What do Milton Friedman, the late Conservative economist, and Robert B. Reich, a Liberal economist who served in the Clinton administration and who is an advisor to President-elect Obama have in common?Â They both propose that business taxes be eliminated.
That the same proposal is advanced 45 years apart by two economists of otherwise contradictory philosophies confirms that at least its founding postulate is rooted in immutable principles.
Politicians ought to listen this time.Â We are all too familiar with the conditions vitiating our economy and our futureâ€”the banking crisis now well into its eighth month, bailout after bailout, rising unemployment, danger of deflation, a weak dollar, poor world competitive stature, and a capitulation of gains in our personal investments earned in the last 10 years.
More than any other proposal, more than stimulus packages, more than personal tax cuts, more than bailouts, the Friedman-Reich proposal will almost immediately reverse these conditions and restore the economy to health.
Why should business taxes be zero?Â Because we have in our country today a system of â€œdouble taxationâ€, meaning that every dollar that certain corporations make is taxed twice.Â These are the corporations likely to be in your 401(k), IRA, 529, or other portfolio.Â For example, you work for Starbucks and have some of your personal savings in their stock.Â For every $100 Starbucks makes in profit, they pay $35 in taxes leaving $65 to be distributed to shareholders in dividend or capital gains.Â Some economists argue that $35 comes in higher product prices or lower wages.Â When you are paid dividend you are taxed again at your individual rate, or when you sell your stock you are taxed another 15% (currently) or $9.75 on the profit.Â Â You, as a shareholder, are left with $55.25 in that $100 earned by your company less dividend taxes paid.
With a single taxation system, only the owners of the company, the shareholders, pay the tax on profits at their normal tax rate. If you pay taxes at the marginal rate of 25%, then your share of that $100 is $75 ($100 – $25). You [or your 401(k), IRA, and other investments] keep more of the business profits, which you will spend, save, or invest again in the economy.
Nobel prize winning economist Milton Friedman first recognized the inequity in double taxation in his book Capitalism and Freedom (The University of Chicago Press, 1962) and wrote about it in Free To Choose (Harcourt, 1990).Â He wrote,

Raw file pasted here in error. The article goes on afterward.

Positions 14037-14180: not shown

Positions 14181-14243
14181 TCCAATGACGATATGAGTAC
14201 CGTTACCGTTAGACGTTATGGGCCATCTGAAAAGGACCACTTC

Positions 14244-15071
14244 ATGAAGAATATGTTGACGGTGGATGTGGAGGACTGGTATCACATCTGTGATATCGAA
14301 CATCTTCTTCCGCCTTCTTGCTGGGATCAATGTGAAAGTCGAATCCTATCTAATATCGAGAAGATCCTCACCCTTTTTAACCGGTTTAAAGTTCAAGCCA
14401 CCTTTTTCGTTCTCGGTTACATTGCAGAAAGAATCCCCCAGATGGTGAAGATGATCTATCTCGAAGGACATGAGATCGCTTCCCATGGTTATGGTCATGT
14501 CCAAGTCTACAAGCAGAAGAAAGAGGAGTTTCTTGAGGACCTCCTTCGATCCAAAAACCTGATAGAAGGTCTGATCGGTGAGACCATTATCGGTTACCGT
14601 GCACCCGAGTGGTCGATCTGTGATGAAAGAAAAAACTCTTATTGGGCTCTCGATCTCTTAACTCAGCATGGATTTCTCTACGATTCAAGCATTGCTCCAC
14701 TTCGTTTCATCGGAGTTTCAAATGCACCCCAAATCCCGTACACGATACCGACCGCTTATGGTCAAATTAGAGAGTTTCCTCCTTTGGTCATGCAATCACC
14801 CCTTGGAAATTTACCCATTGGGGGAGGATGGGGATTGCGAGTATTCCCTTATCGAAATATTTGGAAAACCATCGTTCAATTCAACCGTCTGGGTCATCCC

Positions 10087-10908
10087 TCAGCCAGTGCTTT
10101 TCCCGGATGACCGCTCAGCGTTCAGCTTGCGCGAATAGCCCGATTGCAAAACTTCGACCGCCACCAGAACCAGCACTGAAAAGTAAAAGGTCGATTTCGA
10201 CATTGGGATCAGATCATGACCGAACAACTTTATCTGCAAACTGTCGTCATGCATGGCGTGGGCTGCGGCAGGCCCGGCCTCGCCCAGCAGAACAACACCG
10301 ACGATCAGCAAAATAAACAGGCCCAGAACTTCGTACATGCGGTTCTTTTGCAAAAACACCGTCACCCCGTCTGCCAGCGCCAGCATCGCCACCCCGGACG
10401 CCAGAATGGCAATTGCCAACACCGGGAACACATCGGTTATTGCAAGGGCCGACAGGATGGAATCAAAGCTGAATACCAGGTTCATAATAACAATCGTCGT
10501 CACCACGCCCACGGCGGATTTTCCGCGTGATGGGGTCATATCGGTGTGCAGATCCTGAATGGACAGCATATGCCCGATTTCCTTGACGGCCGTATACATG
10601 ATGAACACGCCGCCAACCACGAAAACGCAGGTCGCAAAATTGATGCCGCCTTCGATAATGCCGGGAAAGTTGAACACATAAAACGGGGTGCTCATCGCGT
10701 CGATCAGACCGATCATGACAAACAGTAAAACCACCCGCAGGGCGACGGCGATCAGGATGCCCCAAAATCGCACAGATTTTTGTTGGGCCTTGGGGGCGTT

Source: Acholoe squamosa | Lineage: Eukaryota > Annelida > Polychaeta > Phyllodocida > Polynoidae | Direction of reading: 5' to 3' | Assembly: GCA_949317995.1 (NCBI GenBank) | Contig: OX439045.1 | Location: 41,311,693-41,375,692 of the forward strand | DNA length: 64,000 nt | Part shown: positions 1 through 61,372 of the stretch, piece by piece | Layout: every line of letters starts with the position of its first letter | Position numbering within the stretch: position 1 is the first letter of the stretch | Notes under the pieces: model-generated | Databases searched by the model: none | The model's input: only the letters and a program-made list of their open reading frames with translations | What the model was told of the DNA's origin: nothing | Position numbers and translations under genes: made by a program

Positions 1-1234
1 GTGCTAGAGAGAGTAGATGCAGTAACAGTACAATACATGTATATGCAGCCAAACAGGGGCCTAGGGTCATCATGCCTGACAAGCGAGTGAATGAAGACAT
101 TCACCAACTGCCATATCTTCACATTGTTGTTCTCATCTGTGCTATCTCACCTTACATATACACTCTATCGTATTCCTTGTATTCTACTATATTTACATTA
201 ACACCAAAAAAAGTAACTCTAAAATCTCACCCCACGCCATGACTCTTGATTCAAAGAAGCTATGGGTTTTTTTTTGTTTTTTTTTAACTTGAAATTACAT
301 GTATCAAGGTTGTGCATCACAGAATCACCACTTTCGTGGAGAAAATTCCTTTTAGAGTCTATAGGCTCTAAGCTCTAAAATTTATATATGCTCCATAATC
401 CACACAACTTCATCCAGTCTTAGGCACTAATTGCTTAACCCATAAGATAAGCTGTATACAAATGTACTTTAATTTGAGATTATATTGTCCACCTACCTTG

â€œThe corporate income tax, too, is highly defective.Â It is a hidden tax that the public pays in the prices it pays for goods and services without realizing it. It constitutes double taxation of corporate incomeâ€”once to the corporation, once to the shareholder when the income is distributed.Â It penalizes capital investment and thereby hinders growth in productivity.Â It should be abolished.â€
And recently in his book, Supercapitalism (Random House, 2007), Robert Reich came to the same conclusion:
â€œIn reality, the corporate income tax is paidâ€”indirectlyâ€”by the companyâ€™s consumers, shareholders, and employees.â€, and concludes that â€œAbolishing the corporate income tax would â€¦ help capital markets work better.â€
Reich extends his analysis and observes because corporations are not people they should not be afforded the opportunity to challenge laws in courts, nor to lobby government, and should be denied other rights and privileges reserved for citizens.Â Subsidizing corporations would be unnecessary without a corporate tax.Â And in this age of bailout-mania, eliminating the business tax would reduce or obviate the need for Washington to rescue companies with taxpayer money.
By ending double taxation, we will create an environment of capital formation, and with it business growth without the need for stimulus, bailout, subsidy, tax credit, tax deduction, tax loophole, or other gimmicks. We believe this is the way we can make our economy strongâ€”permanently strongâ€”and competitive, without deficits, Federal borrowing, and increased taxation.
Friedman-Reich will make unnecessary:
- stimulus packages
- tax loopholes
- government subsidies
- capital gains taxes
- corporate lobbying
- attract capital to business
- make companies more competitive in the world economy
- halt layoffs and increase employment
- keep jobs here
- increase the value of retirement and other savings accounts
- make capital markets more efficient and relieve the credit choke
- ultimately increase government tax revenue
There is no better time to consider this proposal. Â We have an economy that needs revitalization, a new President who has called for bi-partisan ideas, and a breakthrough concept with support from both sides of the political spectrum.Â This is an idea started by a conservative and advanced by liberals.Â And Mr. Reich is an advisor to President-elect Obama.Â We believe we have therefore, at this moment, the perfect storm to advance a proposal that would redress systemic disadvantages our tax system imposes on businesses and capital markets, precisely at the time when both need help.
Please sign the Friedman-Reich petition.Â We hope to present the petition to the new Obama administration and to Congress.